they took time to set up but they stay sharp!!!

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Review by wrenchhead posted 06-24-2010 05:34 AM 7954 views 1 time favorited 8 comments Add to Favorites Watch
they took time to set up but they stay sharp!!! they took time to set up but they stay sharp!!! they took time to set up but they stay sharp!!! Click the pictures to enlarge them

First of all, I want to say thanks for the responses to my forum topic
I decided to give them a try because I love the size and feel of these chisels. Grizzly was fast to send them out. The only reason I did not give these chisels 5 stars is because they took a lot of work to flatten and sharpen. The third picture is the worst chisel of the bunch laying on my table saw. I did get it flat and sharpened though. I used the scary sharp method( glass and sand paper). I have used these on some maple and walnut so far and they hold an edge way longer than my Irwin chisels. Overall I am very pleased with these chisels. I did leearn how to set the hoops on them also. I read a lot of blogs on the subject before starting. I took a bunch of pics and will probably blog about my process soon.

-- I could quit if I wanted

View wrenchhead's profile


234 posts in 3937 days

8 comments so far

View Woodwrecker's profile


4239 posts in 4349 days

#1 posted 06-24-2010 06:11 AM

Thanks for the review.
I’m thinking of getting a set of those.
I have some Stanley Fat Max chisels and like them a lot, but want to try a Japanese style without re-mortgaging the house.

I’m also looking at those new Stanley Sweet Hearts they are coming out with in September.

Thanks again.

View a1Jim's profile


118066 posts in 4351 days

#2 posted 06-24-2010 06:13 AM

View wch's profile


45 posts in 3731 days

#3 posted 06-24-2010 09:06 AM

I also have a set of newer China-made Irwin/Marples chisels, and a couple Japanese chisels that are probably a step up from the Grizzly ones. The Irwin chisels just don’t hold an edge—after maybe a dozen strokes paring oak endgrain, the edge has some little parts that are visibly folded over, and I can feel that the resistance has increased. The Japanese ones are far superior in terms of edge longevity. I haven’t had them for very long, but using a heavy mallet and chopping through birch plywood and solid oak has been no problem. Wrenchhead, I don’t know about your experience with the Grizzly chisels, but I think my Japanese chisels can go somewhere between 4x and 8x as long between sharpenings, compared to the Irwins.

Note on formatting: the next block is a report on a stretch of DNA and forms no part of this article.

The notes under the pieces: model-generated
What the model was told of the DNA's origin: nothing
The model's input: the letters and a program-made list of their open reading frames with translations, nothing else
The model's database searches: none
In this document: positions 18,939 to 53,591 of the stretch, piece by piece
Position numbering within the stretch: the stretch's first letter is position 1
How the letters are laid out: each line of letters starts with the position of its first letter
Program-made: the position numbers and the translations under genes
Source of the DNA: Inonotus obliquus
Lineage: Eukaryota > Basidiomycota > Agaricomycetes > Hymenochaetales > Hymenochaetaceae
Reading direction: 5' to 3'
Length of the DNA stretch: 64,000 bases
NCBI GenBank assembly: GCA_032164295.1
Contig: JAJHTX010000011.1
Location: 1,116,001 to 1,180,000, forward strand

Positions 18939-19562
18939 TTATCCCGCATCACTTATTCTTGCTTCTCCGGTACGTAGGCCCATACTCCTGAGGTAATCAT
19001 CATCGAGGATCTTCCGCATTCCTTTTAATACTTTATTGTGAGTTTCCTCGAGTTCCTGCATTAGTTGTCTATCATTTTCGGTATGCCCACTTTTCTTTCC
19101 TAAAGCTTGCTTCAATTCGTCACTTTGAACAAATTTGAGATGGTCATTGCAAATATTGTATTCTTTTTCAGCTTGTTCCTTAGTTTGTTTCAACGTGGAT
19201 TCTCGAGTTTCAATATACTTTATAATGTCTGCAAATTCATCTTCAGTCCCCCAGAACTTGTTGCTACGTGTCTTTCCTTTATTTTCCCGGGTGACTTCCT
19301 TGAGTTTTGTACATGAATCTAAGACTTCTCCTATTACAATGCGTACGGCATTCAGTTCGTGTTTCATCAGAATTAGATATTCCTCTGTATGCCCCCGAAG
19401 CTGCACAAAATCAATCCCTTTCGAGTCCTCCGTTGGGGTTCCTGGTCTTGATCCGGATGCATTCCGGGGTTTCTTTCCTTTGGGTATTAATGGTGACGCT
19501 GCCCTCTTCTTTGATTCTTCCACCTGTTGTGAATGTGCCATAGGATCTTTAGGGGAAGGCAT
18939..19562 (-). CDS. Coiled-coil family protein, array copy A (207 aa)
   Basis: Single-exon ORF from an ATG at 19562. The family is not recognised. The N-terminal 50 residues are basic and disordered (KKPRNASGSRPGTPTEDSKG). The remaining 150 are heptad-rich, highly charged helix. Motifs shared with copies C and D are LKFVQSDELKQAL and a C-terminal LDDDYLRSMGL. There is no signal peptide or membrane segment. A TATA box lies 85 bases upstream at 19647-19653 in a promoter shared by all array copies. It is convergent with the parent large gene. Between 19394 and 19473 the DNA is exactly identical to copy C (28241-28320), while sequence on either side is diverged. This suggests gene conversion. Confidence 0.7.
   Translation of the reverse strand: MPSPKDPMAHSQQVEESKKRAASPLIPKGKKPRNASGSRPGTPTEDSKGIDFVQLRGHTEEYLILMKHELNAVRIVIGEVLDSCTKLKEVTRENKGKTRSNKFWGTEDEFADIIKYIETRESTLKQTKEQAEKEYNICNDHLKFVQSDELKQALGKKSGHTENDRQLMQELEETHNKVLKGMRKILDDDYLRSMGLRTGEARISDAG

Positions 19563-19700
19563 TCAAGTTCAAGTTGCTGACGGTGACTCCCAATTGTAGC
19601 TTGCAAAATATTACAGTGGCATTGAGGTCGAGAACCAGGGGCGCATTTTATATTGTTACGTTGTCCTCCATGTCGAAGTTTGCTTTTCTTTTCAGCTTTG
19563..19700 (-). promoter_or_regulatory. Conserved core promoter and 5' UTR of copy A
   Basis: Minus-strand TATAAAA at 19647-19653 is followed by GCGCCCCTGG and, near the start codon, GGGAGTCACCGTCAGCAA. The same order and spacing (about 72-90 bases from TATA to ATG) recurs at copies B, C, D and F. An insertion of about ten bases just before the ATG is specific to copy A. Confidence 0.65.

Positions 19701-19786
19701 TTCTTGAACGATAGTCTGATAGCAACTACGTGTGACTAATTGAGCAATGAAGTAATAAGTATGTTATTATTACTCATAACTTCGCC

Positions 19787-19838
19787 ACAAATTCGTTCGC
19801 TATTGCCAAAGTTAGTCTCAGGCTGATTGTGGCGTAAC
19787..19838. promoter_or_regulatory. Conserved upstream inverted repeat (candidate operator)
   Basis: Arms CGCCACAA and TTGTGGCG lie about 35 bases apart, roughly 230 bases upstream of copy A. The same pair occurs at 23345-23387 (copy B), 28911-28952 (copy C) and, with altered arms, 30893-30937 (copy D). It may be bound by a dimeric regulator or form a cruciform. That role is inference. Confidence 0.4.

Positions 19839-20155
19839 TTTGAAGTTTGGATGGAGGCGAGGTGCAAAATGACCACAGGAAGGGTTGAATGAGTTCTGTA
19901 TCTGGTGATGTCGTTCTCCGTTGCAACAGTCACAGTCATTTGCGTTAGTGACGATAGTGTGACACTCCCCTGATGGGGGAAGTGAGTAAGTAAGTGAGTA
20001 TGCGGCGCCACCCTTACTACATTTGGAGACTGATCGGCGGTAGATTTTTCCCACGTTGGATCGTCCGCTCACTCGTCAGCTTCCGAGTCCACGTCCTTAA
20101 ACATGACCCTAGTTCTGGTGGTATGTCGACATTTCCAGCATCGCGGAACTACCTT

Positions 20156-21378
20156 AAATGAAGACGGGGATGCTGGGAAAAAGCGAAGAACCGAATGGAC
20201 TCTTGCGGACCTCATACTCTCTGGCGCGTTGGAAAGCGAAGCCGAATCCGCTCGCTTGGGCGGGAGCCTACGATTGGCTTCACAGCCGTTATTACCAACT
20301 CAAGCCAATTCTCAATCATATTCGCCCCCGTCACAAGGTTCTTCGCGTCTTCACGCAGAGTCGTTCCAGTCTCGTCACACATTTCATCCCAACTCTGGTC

View PurpLev's profile


8574 posts in 4422 days

#4 posted 06-24-2010 06:01 PM

Thanks for the review. they are definitely reasonably priced.

how high of a sand paper grit do you go up to? you could probably get better results as it still seems like the secondary bevel on those is still showing scratch marks – unless those pics were taken out of the box?

-- ㊍ When in doubt - There is no doubt - Go the safer route.

View Clarence's profile


125 posts in 3880 days

#5 posted 06-24-2010 07:18 PM

I have the Grizzley chisels also, and they seem to be good quality. However, I still do not understand the science or the logic of hollow-grinding the backs to within 1/16th of the cutting edge. Seems to me that after about half a dozen sharpenings your edge will be into the hollow, and your chisel will become a nail-puller.

-- Getting old is a good thing, but being old kinda stinks.

View PurpLev's profile


8574 posts in 4422 days

#6 posted 06-24-2010 07:25 PM

clarence – as you sharpen the chisels, and flatten the back -you’d be taking material off of the back, and work that hollow out as you progress. so theoretically – you’ll always have ~1/16 metal on the back from the cutting edge so to speak.

-- ㊍ When in doubt - There is no doubt - Go the safer route.

View wrenchhead's profile


234 posts in 3937 days

#7 posted 06-24-2010 08:43 PM

That was a pic from right out of the box. I go up to 2000 grit when I sharpen.

What perplev said.

Wood wrecker
The stanley chisels look like they might be nice. I am just glad to have a lot of different sizes. It makes dovetailing and morticing so much easier and less room for error.

-- I could quit if I wanted

View David Kirtley's profile

David Kirtley

1286 posts in 3771 days

#8 posted 06-24-2010 10:41 PM


You don’t have to necessarily have to buy an entire set to start with. My personal weapon of choice is a hefty 1-1/4 socket firmer chisel but I am used to working with bigger stock. Get one in a size that you normally reach for and give it a spin. They are only about $12 each. Much cheaper than the $30 a pop for the proposed Stanley chisels.

The biggest difference between the quality and cheap chisels is edge retention. The handyman type chisels can be adequate for most stuff and If you already have a set that are performing fairly well, pick up some of a different type to fill a different niche. Some firmer chisels or full out mortise chisels would a nice addition to your toolbox. There are quite a few high quality makers at present and lots of high quality old stock to be found lurking in flea markets and as always, some of the tool dealers.

-- Woodworking shouldn't cost a fortune:

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